NED documents show that for 2015—the earliest year for which data is available—2016 and 2017, it gave the PCIJ $106,900; Vera Files $70,000, and CMFR, $278,000. (Another funder of Vera Files is Reporters without Borders, which is also recipient of NED funds.)

Even if NED wasn’t a CIA conduit, it is an institution funded by the US government, and therefore advances US interests. Shouldn’t we be outraged that the US government is funding anti-Duterte media outfits here?
It also points out that this US interference in Filipino politics fits into a much larger, global pattern of political interference engaged in by the US government. The article cites US interference in Ukraine in particular, noting that it was US backing that eventually led to the overthrow of the elected government there between 2013 and 2014.

The article's author, Rigoberto Tiglao, attempted to contact several of the Filipino US NED grantees, only to be confronted or evaded, a response typical of US NED grantees worldwide when questioned about their foreign funding, the dangerous conflicts of interests they are indulging in and the contradictions of posing as independent media organisations entirely dependent on foreign government funding.


Pressure on the Philippines through US-funded media is only one of several fronts the US is using to transform, direct and determine the future of the Philippines as a nation. It has placed direct political pressure on Manila to cooperate in confronting Beijing over the South China Sea. It has also attempted to use Saudi-funded terrorism in the Philippines' south as a vector to reintroduce a significant and expanding US military presence across the archipelago nation.


Friday, October 13, 2017

How the West is Trying to Recreate Myanmar's Crisis in Thailand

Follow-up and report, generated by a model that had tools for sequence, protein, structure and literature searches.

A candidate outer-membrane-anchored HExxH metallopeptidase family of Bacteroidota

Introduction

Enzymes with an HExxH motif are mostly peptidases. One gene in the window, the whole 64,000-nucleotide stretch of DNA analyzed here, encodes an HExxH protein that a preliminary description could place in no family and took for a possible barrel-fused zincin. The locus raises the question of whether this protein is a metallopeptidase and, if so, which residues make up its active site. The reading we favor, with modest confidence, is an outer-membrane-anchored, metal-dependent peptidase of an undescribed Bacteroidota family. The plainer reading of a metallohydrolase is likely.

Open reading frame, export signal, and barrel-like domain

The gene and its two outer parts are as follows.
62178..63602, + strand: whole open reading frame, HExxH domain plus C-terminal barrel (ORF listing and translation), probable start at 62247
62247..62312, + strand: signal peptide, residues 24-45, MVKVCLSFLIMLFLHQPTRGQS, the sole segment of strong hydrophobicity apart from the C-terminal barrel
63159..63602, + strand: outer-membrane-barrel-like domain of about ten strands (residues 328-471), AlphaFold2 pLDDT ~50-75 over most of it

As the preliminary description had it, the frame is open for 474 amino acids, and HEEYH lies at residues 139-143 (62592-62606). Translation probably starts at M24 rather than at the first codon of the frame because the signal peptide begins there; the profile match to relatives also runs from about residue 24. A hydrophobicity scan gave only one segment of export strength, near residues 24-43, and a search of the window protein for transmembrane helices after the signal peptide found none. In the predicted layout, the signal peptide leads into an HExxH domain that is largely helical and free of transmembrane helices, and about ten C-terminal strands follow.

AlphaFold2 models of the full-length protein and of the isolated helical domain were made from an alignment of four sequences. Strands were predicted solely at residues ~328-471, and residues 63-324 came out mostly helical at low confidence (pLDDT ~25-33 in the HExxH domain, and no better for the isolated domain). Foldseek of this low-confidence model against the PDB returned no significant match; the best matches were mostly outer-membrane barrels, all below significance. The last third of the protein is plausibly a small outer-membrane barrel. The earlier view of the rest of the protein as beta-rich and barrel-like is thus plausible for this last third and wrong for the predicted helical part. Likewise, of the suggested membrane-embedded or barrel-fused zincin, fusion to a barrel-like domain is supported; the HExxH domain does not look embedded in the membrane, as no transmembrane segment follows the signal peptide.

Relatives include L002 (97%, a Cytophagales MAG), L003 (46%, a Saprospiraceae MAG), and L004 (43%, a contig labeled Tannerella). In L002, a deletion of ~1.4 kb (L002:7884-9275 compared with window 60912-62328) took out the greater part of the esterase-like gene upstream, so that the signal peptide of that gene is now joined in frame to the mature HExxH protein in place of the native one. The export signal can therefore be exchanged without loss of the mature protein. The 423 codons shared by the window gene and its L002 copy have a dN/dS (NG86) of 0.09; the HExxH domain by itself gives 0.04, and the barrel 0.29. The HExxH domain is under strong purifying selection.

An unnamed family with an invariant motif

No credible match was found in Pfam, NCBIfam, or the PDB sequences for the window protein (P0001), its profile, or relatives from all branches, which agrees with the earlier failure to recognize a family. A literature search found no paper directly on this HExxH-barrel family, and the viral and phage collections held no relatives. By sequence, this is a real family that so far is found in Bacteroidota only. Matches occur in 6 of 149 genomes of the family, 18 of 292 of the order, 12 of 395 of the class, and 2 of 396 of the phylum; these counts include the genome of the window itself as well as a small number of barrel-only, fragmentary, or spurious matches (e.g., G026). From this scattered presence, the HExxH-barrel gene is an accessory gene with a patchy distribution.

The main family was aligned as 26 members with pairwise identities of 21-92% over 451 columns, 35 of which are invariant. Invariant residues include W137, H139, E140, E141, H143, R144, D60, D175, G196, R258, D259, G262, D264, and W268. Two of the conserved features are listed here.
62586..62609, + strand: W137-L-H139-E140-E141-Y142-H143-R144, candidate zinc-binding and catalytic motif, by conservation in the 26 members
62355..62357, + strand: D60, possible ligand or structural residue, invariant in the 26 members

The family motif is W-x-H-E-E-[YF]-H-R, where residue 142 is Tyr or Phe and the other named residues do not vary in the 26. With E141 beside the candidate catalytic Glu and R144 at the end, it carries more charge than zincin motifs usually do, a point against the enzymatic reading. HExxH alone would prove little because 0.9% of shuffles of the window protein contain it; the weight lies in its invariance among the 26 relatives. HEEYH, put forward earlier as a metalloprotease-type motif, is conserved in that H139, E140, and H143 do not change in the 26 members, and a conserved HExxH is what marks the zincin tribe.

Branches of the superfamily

October 13, 2017 (Tony Cartalucci - NEO) - Media platforms either directly funded by the United States government or by their political proxies in Thailand, including US-funded Prachatai and Khao Sod English, have begun investing increasing amounts of energy into fueling a currently non-existent sectarian divide in Thai society.


They are concentrating their efforts in promoting the activities of a small anti-Muslim movement in Thailand's northeast region often referred to as Issan. Issan - it is no coincidence - is also the epicenter of previous US efforts to divide and overthrow the political order of Thailand via their proxy Thaksin Shinawatra, his Pheu Thai Party, and his ultra-violent street front, the United Front for Democracy Against Dictatorship (UDD or "red shirts"). Shinawatra and his political proxies were ousted from power in 2014 by a swift and peaceful military coup.

Today, temples affiliated with Shinawatra's political network are turning from a tried and tired, primarily class-based narrative, to one targeting Thailand's second largest religion - Islam, in hopes of dividing and destroying Thai society along sectarian lines.

From northern cities like Chiang Mai to the northeast in provinces like Khon Kaen, suspiciously identical movements, with identical tactics, organized across social media platforms like Facebook are protesting Mosques, calling for specific acts of violence against Muslims, and using the same sort of factual and intellectually dishonest rhetoric peddled by veteran Western Islamophobes used to fuel the West's global campaign of divide, destroy, and conquer everywhere from the US and Europe itself, to Libya, Syria, Iraq, Afghanistan, and more recently, Myanmar and the Philippines in Southeast Asia.

Tools of Empire: Divide and Conquer 

Myanmar, which borders Thailand, currently finds itself at the apex of nationalist and racist-driven violence targeting its primarily Muslim Rohingya ethnic minority. Groups of supposed "Buddhists" who form a more deeply rooted version of what the US and its proxies are trying to create in Thailand, were used to both create a deep sectarian divide where once there was coexistence, and to help put the US and European-funded political network of Aung San Suu Kyi and her National League for Democracy (NLD) party into power.

Image: Aung San Suu Kyi, sectarian extremists posing as "Buddhist monks," and the US National Endowment for Democracy (NED) together in Washington D.C. 

The humanitarian crisis created in Myanmar serves several functions for the US and its European partners who have meticulously cultivated it over the course of several decades.